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What are the Different Drug Discovery Jobs?

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  • Written By: D. Jeffress
  • Edited By: Jenn Walker
  • Last Modified Date: 18 November 2016
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Drug discovery is the process by which experts research, develop, and introduce new pharmaceuticals. There are many different drug discovery jobs available for professionals with the appropriate education and training. Most careers are held by research scientists who specialize in molecular biology, biochemistry, genetics, or pharmacology. Positions are also available for lab assistants, quality control experts, and clinical trial managers. In addition, administrative and marketing professionals play essential roles in making sure that effective new products reach doctors and patients in a timely manner.

Scientists who want to apply their studies to the advancement of medicine often decide to pursue drug discovery jobs. Most workers are employed by pharmaceutical companies and biotechnology firms, though some scientists work in private or university labs. They conduct detailed research on particular diseases and the current medications used to treat them. With the help of lab assistants, they experiment with different organic and inorganic chemicals and observe their effects on samples of disease and tissue.

The work of a drug discovery scientist is rigorous, and it is common for a single research and development project to take several years before a medicine is deemed ready for clinical testing. Scientists perform several rounds of experiments to make sure the desired effect of a drug is achieved. They also try to predict potential side effects or adverse reactions that could arise in patients.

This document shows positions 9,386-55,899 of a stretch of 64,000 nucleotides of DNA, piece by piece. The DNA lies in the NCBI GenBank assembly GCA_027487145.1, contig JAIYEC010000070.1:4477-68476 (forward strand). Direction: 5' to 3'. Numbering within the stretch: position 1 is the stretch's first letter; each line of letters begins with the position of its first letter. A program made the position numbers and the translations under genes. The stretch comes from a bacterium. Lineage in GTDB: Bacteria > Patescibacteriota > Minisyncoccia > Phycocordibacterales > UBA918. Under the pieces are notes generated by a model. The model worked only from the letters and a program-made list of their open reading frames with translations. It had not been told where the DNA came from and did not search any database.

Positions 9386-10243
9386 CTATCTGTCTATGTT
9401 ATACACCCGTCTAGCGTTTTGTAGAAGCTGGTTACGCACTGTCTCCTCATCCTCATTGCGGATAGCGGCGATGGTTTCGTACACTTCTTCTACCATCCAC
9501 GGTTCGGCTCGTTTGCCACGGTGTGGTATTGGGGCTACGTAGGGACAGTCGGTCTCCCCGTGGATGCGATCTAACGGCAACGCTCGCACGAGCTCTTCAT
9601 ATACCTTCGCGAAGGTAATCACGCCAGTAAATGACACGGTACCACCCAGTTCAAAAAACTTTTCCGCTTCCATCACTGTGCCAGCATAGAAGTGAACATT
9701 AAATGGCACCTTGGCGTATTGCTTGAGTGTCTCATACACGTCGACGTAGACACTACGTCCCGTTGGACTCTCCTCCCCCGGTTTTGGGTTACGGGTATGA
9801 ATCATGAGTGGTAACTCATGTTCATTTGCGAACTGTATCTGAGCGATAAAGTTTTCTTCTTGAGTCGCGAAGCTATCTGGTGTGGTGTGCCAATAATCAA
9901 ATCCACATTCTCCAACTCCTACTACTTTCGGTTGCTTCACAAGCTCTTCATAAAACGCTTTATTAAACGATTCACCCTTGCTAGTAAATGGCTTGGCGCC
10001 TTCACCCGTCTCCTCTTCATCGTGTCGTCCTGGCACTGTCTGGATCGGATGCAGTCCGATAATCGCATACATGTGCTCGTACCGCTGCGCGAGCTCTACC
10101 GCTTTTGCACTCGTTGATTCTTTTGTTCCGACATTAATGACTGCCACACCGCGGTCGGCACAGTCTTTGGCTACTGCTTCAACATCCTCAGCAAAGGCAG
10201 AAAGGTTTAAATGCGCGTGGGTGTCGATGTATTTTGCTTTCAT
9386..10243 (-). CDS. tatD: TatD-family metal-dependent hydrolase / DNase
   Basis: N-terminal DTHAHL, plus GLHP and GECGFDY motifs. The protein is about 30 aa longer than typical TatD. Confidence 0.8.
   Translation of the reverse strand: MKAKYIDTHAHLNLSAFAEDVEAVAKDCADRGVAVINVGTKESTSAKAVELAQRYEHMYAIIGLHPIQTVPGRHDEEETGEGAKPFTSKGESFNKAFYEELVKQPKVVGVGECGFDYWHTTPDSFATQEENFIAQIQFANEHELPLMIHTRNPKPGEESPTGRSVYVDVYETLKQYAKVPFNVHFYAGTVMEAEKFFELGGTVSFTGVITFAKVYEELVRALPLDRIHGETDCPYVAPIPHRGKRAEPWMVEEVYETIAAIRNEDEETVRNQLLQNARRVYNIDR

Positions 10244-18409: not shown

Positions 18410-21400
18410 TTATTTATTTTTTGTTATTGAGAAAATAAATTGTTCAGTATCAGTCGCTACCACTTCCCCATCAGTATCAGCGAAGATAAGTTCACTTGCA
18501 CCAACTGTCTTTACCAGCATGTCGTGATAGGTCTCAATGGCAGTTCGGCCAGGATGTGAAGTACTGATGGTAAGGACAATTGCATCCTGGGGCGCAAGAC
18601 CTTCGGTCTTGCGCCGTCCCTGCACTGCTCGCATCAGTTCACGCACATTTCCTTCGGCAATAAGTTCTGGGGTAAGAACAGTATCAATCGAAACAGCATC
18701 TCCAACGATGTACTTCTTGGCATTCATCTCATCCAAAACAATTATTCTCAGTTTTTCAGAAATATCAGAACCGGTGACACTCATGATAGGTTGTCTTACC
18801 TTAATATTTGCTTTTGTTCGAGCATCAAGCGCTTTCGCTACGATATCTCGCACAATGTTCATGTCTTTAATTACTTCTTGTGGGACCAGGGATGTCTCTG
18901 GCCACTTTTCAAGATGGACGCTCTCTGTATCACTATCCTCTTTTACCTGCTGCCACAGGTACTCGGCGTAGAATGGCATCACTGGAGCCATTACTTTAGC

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A drug that shows promise in its initial phases typically goes through a series of tests on animals, human trial participants, or both. Experienced scientists and trial managers hold essential drug discovery jobs, as they help finalize recommended dosing amounts and delivery methods. They carefully design controlled studies involving large sample groups of participants. Trial managers remove any possible bias from studies by making sure that neither participants nor researchers are aware of who is given the drug and who is given a placebo during the course of a trial. Once a study is completed, researchers organize results and compile them in formal reports.

Medicines often need to pass several clinical tests to ensure that all possible variables and influences can be controlled and that side effects are minimal among the vast majority of participants. Business experts in drug discovery jobs introduce a new medicine into the market once it is approved by the appropriate governing agency. Sales and marketing experts create pamphlets for doctors and prospective patients, and often speak directly with physicians to describe the new product.

The educational requirements to hold drug discovery jobs vary. Almost all research scientists hold Ph.D. degrees in their specialties and receive extensive postdoctoral training before working independently. Lab assistants and clinical trial workers are typically required to hold at least bachelor's degrees. It is important for even sales workers to have extensive backgrounds in science and pharmacology so they can effectively explain the detailed findings about a drug and answer physicians' questions.

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